Come Thou Font of Every Blessing has been dwell on the theme of divine grace. It was written in 1757 by Robert Robinson (1735 – 1790) The music tune was composed by John Wyeth’s (1770-1858) Repository of Sacred Music, Part Second from the year of 1813 called “Nettleton.” This song is based on the prophet Samuel raises a stone as a monument, saying, “Hitherto hath the Lord helped us” (KJV). The English transliteration of the name Samuel gives to the stone is Ebenezer, meaning Stone of Help. The unusual word Ebenezer commonly appears in hymnal presentations of the lyrics (verse 2).
Then Samuel took a stone, and set it between Mizpeh and Shen, and called the name of it Ebenezer, saying, Hitherto hath the Lord helped us.- 1 Samuel 7:12
1. Come, thou Fount of every blessing,
tune my heart to sing thy grace;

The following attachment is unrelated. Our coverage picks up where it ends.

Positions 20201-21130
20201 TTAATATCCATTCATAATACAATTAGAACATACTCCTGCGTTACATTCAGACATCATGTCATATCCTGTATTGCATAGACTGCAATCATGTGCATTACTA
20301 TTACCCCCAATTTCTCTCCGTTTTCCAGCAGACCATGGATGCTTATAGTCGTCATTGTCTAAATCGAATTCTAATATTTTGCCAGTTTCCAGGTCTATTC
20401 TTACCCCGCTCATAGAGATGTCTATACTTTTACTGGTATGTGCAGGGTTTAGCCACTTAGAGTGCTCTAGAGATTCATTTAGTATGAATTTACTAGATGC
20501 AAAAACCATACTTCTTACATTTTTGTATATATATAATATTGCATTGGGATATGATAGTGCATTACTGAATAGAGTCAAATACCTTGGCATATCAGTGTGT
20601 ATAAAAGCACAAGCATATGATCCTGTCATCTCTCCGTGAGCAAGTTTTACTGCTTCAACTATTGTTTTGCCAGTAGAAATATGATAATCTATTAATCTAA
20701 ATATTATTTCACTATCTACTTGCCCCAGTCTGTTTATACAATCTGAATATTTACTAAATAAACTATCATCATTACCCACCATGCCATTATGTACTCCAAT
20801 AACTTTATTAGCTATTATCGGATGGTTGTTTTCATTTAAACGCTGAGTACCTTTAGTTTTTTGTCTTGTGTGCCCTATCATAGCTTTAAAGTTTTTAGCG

streams of mercy, never ceasing,
call for songs of loudest praise.
Teach me some melodious sonnet,
sung by flaming tongues above.
Praise the mount! I’m fixed upon it,
mount of thy redeeming love.
2. Here I raise mine Ebenezer;
hither by thy help I’m come;
and I hope, by thy good pleasure,
safely to arrive at home.
Jesus sought me when a stranger,
wandering from the fold of God;
he, to rescue me from danger,
interposed his precious blood.
3. O to grace how great a debtor
daily I’m constrained to be!
Let thy goodness, like a fetter,
bind my wandering heart to thee.
Prone to wander, Lord, I feel it,
prone to leave the God I love;
here’s my heart, O take and seal it,
seal it for thy courts above.
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King James Version (KJV)